Madelyne Beckles Proves Women’s Bodies Aren’t Just For Looking At

If you’re heavy into today’s current scene of the art world, Madelyne Beckles‘ name may have come up in discussion.

This Canadian-born artist and feminist goes beyond the conforming, traditional direction of art world — a world that normally excludes work by women, people of color, and people who are genderqueer. Through her work of live performances, videos, and installations, where she often poses herself, as a way to present women in a way that is unorthodox.

Alongside fellow artist and friend Petra Collins, Madelyne made her debut at MOMA’s PopRally series event with their live performance, “In Search of Us” this past March. The event featured a live three-hour tableau called a “digital salon” hosted by Instagram, and music by Junglepussy and DJ Madeline Poole. The show was dedicated to celebrating the female form by challenging the norm of women representations throughout the history of art.

I spoke with the flourishing artist and got the chance to learn a little bit more on how she goes about changing the world’s perspectives of those who often fall subject to its negativity.

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How did you get into art? What kind of artwork do you do?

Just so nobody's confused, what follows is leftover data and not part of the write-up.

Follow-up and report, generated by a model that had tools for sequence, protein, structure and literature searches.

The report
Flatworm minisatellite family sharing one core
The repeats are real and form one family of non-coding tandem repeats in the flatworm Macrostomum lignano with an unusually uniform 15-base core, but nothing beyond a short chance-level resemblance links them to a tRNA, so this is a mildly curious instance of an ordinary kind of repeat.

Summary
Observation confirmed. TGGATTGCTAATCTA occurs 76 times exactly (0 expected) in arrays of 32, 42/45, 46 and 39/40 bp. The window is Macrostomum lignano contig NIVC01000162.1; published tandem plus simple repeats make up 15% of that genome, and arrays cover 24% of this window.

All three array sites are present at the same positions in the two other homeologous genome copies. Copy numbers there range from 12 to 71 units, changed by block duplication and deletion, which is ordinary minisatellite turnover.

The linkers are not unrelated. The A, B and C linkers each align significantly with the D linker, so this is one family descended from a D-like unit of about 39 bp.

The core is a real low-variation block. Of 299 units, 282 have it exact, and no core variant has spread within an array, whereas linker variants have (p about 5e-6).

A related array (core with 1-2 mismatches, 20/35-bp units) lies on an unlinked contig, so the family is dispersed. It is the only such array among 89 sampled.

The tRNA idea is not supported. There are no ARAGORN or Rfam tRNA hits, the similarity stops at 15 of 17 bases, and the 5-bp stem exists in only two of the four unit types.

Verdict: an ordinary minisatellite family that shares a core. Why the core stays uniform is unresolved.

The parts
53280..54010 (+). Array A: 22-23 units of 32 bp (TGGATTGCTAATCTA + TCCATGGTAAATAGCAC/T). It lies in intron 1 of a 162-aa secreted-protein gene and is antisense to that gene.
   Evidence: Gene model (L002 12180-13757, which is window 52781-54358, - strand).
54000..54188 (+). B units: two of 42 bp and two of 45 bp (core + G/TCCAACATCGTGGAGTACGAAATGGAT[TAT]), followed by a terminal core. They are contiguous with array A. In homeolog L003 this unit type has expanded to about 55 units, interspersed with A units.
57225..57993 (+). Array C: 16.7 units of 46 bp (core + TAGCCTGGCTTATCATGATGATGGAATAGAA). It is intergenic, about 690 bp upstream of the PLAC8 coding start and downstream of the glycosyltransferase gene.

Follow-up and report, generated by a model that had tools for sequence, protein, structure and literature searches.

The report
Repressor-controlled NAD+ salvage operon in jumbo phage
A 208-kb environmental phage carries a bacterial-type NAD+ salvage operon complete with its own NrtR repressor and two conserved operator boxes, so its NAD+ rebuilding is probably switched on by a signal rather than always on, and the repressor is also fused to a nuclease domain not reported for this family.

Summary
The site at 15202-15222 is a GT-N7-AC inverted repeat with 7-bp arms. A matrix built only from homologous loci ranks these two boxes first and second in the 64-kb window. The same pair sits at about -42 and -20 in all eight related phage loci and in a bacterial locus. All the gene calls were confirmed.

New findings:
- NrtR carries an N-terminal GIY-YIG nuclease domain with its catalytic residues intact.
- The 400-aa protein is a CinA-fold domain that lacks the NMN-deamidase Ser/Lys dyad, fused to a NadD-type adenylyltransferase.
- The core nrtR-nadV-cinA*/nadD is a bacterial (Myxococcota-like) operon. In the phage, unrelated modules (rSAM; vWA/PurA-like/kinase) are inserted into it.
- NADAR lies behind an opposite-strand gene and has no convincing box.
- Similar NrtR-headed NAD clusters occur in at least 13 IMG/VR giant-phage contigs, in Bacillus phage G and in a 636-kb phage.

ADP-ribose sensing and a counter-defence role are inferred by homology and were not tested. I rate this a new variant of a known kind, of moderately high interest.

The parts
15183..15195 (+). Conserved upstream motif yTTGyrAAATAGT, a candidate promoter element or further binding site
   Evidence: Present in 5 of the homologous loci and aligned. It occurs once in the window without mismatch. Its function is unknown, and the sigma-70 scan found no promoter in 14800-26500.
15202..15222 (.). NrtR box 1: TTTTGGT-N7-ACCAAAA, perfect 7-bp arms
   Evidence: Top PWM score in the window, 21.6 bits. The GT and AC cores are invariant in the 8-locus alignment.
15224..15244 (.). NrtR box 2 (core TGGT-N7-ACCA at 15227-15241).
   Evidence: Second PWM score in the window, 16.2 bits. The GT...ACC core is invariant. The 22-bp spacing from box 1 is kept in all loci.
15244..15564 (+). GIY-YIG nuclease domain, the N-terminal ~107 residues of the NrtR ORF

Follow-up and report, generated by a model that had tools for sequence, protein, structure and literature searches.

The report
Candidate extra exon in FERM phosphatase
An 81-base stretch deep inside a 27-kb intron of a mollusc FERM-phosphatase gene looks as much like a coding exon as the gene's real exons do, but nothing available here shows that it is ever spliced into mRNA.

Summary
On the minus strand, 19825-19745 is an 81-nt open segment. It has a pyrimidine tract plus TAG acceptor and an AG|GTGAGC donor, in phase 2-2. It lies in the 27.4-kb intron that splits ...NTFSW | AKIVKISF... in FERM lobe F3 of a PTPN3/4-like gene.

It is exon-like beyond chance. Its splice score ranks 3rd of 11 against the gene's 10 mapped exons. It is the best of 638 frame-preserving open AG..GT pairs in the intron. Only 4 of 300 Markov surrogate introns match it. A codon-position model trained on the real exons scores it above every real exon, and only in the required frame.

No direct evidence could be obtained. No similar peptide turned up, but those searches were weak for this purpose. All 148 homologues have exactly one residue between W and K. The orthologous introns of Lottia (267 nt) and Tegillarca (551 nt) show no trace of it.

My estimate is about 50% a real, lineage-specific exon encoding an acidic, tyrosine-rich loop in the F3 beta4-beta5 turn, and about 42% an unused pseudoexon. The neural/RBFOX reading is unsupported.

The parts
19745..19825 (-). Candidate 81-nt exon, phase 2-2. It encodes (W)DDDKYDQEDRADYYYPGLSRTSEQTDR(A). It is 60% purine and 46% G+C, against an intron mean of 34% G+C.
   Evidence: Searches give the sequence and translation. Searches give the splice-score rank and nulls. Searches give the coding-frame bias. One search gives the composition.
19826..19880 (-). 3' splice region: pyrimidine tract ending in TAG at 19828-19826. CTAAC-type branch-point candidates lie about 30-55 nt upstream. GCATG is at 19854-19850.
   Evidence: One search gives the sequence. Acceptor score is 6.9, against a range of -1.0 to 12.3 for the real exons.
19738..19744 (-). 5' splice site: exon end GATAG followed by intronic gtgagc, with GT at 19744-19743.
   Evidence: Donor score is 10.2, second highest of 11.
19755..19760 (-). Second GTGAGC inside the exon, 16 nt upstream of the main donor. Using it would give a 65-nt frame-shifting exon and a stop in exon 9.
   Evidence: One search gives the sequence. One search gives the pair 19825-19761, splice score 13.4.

Well, I did my undergrad in art history and women’s studies. So, I think through learning about other people making art and also, learning about all this theory that I was getting really excited about. I had started experimenting with performance art and I don’t know… I’ve always been a very creative kid — took dance lessons, singing lessons, and theater. So, I think it came kind of naturally to start experimenting with just my body and myself, and it kind of developed. I have a lot of peers who are artists and artists in my family. So, I was lucky to have people trust me and start giving me opportunities, where I could start to explore my craft in.

I make video work, I do performance, and installation, which is mainly what I do now.

What do you hope to get out of the work you do — the purpose of it?

Well, I think my goal in making art is to open up critical dialogue and political dialogue around issues of gender and race and pop culture — those are the kinds of themes that I work within. And yeah, I just want to start a conversation or have people think critically about something that they usually wouldn’t.

How do you feel your art plays a part in the today’s push to forward others ways of thinking of women, in regards to body image, women’s rights, and just how people view women in general?